The counter argument to this analysis is that DISCO represents in some way a forward progression for STAR TREK -- that by somehow breaking all of the rules for how good watchable television is made they are setting a new standard that others are going to pick up on and follow.

There's a striking similarily in this to things I see on the electronic music production discussion boards I frequent.   On almost a monthly basis someone starts a thread asking something along the lines of "Do I really need to learn how to read music?".   Of course someone brings up the old chestnut of how some jazz muscians or successful modern artists don't know how to read music and get along just fine.  They miss the point that these 'unlearned' musicians are/were exceptional in other areas that made formal learning redundant -- they still fundamentally understood the underlying mechanics and mathematics of music even if they didn't gain that knowledge in a traditional way.  What the "I don't wanna learn music, cuz it's hard" types fail to understand is you need to learn the rules and work within the system before you can consciously break the rules and strike out on your own.  Instead, they just want to make up their own rules and learn the shortcuts before anything else.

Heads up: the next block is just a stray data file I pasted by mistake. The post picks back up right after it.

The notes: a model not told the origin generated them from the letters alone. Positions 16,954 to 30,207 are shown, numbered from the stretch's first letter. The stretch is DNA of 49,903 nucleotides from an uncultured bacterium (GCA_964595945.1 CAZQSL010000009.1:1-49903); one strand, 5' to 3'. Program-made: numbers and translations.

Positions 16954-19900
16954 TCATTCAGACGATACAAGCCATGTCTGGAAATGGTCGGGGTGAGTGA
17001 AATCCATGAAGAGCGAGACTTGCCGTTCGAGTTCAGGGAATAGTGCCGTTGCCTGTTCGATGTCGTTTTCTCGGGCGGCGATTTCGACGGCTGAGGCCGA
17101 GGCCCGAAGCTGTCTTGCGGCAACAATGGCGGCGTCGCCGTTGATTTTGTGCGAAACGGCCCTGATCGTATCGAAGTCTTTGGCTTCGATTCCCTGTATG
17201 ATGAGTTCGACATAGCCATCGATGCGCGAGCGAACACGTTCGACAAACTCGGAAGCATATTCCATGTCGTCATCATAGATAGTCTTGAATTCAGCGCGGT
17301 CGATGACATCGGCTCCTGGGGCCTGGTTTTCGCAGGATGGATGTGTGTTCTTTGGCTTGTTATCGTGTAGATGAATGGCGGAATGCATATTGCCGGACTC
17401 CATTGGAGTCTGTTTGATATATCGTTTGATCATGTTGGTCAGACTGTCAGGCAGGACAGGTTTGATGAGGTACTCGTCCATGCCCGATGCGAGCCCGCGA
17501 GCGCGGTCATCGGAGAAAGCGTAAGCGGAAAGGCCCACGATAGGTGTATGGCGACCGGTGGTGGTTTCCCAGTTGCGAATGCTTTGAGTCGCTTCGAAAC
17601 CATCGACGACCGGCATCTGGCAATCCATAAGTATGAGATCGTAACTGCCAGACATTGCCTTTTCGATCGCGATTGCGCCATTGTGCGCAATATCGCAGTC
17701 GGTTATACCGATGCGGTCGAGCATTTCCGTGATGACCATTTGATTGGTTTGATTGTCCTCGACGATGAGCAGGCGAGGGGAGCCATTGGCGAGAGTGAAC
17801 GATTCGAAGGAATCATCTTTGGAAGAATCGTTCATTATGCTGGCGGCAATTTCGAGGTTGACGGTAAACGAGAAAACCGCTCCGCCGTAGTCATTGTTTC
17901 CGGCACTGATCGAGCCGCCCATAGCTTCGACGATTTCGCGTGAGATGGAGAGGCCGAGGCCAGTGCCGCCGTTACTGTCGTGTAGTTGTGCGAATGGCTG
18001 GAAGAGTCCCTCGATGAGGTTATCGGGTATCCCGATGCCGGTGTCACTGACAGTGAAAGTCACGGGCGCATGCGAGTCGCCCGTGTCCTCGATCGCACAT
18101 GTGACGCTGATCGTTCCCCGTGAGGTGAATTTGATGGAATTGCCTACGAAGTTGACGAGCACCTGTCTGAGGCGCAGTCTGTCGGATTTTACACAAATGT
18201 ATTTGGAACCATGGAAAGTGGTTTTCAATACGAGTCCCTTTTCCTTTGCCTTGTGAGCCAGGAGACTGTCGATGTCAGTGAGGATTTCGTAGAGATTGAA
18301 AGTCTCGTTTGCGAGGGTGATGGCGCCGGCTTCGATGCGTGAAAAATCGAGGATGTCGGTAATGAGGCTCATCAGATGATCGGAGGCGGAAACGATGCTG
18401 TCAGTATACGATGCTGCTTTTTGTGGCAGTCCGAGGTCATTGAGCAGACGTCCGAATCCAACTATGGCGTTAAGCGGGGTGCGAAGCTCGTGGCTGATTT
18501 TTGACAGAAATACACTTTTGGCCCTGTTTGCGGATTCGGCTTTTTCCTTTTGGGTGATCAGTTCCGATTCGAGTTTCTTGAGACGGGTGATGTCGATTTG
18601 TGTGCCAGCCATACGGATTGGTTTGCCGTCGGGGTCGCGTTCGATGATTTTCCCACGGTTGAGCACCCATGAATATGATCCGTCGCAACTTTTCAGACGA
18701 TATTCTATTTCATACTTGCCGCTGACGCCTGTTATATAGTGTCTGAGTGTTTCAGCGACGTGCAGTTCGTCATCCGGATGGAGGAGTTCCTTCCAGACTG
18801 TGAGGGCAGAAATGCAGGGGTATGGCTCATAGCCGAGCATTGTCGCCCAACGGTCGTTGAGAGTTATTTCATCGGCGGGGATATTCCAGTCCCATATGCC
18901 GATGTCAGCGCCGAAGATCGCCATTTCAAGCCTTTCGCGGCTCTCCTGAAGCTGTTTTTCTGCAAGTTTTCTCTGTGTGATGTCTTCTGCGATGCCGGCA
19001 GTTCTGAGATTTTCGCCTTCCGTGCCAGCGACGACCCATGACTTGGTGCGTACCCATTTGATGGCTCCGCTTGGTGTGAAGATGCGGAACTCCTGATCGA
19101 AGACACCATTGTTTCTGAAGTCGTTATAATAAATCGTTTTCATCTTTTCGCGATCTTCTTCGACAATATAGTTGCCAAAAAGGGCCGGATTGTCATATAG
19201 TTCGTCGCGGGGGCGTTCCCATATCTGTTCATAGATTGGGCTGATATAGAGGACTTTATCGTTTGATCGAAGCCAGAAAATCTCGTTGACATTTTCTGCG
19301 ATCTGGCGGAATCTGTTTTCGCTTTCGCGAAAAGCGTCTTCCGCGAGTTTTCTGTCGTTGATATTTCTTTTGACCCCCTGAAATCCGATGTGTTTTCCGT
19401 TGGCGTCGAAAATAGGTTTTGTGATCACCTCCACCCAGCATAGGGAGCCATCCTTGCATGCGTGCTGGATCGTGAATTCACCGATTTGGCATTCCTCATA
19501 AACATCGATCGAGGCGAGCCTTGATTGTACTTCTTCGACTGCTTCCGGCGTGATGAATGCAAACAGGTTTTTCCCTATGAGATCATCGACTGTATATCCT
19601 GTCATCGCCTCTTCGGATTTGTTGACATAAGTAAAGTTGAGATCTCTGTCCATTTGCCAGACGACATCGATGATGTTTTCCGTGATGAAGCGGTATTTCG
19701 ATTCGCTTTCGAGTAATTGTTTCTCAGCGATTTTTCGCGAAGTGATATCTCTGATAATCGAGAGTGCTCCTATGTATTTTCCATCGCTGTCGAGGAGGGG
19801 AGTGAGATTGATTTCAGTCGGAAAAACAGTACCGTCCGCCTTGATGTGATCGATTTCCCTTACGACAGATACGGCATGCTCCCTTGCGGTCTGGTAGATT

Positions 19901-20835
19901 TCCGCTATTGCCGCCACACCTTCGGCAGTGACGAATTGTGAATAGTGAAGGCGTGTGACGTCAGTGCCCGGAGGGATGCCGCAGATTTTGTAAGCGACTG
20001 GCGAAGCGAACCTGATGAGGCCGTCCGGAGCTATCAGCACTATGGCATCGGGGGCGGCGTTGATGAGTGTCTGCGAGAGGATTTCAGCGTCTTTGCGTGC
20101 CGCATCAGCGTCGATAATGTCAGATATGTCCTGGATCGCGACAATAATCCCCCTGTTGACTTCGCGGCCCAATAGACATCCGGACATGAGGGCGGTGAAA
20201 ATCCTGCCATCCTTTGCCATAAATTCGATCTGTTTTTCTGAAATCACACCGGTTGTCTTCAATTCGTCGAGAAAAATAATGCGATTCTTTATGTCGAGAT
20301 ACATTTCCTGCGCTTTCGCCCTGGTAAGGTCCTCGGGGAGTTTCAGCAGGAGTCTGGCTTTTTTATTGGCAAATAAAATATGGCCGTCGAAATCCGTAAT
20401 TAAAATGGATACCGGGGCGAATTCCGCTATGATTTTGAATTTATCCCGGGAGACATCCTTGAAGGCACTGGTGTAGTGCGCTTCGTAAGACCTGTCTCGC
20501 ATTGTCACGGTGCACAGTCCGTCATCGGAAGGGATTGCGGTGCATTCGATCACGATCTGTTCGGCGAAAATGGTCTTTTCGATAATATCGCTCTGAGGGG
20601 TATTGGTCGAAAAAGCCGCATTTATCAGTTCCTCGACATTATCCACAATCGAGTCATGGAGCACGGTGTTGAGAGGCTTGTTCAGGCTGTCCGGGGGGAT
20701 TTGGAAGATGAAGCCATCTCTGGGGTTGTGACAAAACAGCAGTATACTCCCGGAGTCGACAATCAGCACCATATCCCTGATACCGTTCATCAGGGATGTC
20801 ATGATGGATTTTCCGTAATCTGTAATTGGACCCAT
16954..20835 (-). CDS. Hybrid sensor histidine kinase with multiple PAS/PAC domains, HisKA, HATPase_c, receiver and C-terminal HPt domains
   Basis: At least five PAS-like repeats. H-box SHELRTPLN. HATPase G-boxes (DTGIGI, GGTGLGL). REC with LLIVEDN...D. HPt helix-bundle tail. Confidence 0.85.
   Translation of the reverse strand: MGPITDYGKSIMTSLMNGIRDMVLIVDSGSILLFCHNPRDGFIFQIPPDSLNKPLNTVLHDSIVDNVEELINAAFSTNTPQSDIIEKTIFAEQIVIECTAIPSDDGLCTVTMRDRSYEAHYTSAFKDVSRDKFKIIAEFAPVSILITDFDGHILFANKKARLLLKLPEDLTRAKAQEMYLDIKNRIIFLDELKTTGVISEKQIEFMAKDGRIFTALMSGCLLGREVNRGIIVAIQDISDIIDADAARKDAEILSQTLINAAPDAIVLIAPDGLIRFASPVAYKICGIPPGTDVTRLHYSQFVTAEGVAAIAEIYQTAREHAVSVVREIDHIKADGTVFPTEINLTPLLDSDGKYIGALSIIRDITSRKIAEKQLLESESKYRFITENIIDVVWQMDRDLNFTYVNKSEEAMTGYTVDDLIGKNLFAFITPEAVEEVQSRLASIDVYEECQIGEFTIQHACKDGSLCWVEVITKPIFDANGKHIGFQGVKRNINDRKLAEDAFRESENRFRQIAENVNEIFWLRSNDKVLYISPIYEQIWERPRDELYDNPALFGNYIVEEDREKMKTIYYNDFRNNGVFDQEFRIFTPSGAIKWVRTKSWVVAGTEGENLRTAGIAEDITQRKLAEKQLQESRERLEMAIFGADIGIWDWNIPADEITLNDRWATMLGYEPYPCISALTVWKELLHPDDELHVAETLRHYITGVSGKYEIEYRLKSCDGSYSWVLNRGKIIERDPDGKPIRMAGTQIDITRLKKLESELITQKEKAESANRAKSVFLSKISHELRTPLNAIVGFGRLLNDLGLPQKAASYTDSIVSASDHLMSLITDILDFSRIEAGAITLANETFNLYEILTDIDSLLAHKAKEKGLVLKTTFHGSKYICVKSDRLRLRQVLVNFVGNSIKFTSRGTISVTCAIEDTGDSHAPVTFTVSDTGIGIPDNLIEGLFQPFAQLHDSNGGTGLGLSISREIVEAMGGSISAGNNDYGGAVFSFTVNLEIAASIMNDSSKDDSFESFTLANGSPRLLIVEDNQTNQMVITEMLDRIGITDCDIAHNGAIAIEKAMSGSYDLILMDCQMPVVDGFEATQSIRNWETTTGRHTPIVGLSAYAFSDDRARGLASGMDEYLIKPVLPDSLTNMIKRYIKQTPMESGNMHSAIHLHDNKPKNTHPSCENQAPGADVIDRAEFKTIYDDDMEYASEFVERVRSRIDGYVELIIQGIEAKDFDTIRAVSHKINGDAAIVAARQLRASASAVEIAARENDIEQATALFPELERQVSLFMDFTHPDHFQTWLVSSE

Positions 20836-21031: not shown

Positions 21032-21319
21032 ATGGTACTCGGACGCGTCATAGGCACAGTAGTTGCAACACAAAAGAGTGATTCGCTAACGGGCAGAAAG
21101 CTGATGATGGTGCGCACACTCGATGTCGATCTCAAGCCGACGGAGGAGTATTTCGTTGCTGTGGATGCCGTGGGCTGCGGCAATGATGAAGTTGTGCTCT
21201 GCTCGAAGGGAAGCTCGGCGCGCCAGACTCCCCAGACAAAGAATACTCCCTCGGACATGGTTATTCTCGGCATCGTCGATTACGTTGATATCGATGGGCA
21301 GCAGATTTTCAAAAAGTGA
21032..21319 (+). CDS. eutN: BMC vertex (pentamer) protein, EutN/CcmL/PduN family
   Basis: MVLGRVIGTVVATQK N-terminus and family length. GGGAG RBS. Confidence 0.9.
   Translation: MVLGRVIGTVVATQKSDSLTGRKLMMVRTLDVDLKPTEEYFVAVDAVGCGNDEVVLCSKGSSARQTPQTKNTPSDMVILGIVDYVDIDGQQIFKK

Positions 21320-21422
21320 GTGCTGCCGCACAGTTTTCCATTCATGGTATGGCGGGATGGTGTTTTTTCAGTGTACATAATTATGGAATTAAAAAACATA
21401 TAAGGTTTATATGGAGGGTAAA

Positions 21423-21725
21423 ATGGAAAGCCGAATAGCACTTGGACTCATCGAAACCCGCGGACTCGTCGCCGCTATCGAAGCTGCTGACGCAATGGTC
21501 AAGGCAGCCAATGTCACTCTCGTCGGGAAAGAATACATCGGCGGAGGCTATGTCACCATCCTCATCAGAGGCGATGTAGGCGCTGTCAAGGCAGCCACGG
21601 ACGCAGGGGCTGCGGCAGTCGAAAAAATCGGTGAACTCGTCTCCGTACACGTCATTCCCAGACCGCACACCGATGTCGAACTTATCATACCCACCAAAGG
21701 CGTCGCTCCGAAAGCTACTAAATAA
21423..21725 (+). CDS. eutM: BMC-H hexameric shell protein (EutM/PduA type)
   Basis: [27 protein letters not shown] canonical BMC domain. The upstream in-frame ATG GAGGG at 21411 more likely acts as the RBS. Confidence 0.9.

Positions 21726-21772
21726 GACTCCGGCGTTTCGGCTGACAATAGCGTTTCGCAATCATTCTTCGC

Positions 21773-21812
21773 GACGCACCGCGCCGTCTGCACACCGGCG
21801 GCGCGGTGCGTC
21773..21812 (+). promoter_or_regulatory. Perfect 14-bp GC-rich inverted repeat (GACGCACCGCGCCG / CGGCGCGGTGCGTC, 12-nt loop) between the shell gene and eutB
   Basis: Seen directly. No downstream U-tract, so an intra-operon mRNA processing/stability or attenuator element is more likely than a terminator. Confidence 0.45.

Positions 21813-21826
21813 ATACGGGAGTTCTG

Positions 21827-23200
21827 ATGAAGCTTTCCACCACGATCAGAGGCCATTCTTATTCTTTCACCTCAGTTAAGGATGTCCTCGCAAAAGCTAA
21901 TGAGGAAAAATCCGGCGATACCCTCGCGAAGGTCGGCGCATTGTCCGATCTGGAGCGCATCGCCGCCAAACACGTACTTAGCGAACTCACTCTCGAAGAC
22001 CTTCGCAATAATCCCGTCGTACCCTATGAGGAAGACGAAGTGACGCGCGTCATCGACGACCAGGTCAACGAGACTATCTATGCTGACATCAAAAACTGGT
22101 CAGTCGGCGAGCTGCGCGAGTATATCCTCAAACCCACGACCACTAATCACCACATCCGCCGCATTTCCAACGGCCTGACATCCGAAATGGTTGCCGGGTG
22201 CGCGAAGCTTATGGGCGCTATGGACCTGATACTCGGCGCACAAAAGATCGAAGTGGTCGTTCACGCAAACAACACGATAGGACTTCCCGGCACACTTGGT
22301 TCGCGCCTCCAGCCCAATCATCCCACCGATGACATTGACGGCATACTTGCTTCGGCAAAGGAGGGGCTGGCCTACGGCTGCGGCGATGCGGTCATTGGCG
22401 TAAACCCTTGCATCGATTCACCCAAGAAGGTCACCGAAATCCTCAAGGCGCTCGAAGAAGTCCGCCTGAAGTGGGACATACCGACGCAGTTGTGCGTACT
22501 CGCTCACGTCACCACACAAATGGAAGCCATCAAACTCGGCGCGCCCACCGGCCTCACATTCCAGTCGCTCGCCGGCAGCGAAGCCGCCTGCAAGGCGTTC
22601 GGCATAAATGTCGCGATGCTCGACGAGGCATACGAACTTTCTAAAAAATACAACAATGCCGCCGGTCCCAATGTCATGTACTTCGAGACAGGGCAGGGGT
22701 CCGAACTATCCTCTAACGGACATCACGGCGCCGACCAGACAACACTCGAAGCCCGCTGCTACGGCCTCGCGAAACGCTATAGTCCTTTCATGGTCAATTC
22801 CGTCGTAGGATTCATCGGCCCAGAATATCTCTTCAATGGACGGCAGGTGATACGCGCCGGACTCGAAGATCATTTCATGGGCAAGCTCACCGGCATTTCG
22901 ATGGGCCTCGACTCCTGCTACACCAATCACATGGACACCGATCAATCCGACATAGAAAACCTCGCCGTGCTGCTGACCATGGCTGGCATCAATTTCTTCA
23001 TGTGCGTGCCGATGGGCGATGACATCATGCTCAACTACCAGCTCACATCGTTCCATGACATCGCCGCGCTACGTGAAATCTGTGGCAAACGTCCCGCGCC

That's the feeling I get from DISCO.  They are trying so hard to do something so different from any STAR TREK before it that they miss the mark for what actually made STAR TREK worth watching and a viable franchise in the first place.

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Brian Hague
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Posted: 08 November 2018 at 11:39pm | IP Logged | 7 post reply

The narrator's constant use of the word "disjointment" was jarring. I can find little on-line to the support its use. "Disjointedness" or even the apparently archaic "disjoint" are far more common. 

I have not seen the show, but the idea that it would ape BSG and the Expanse makes sense given that is how science-fiction looks onscreen looks these days. Even Enterprise gave this a shot with it's mostly gray and overly mechanical backgrounds and settings. Cameras in constant motion and keeping the viewer off balance are commonplace in modern storytelling, especially if one is shooting for a more action-oriented effect.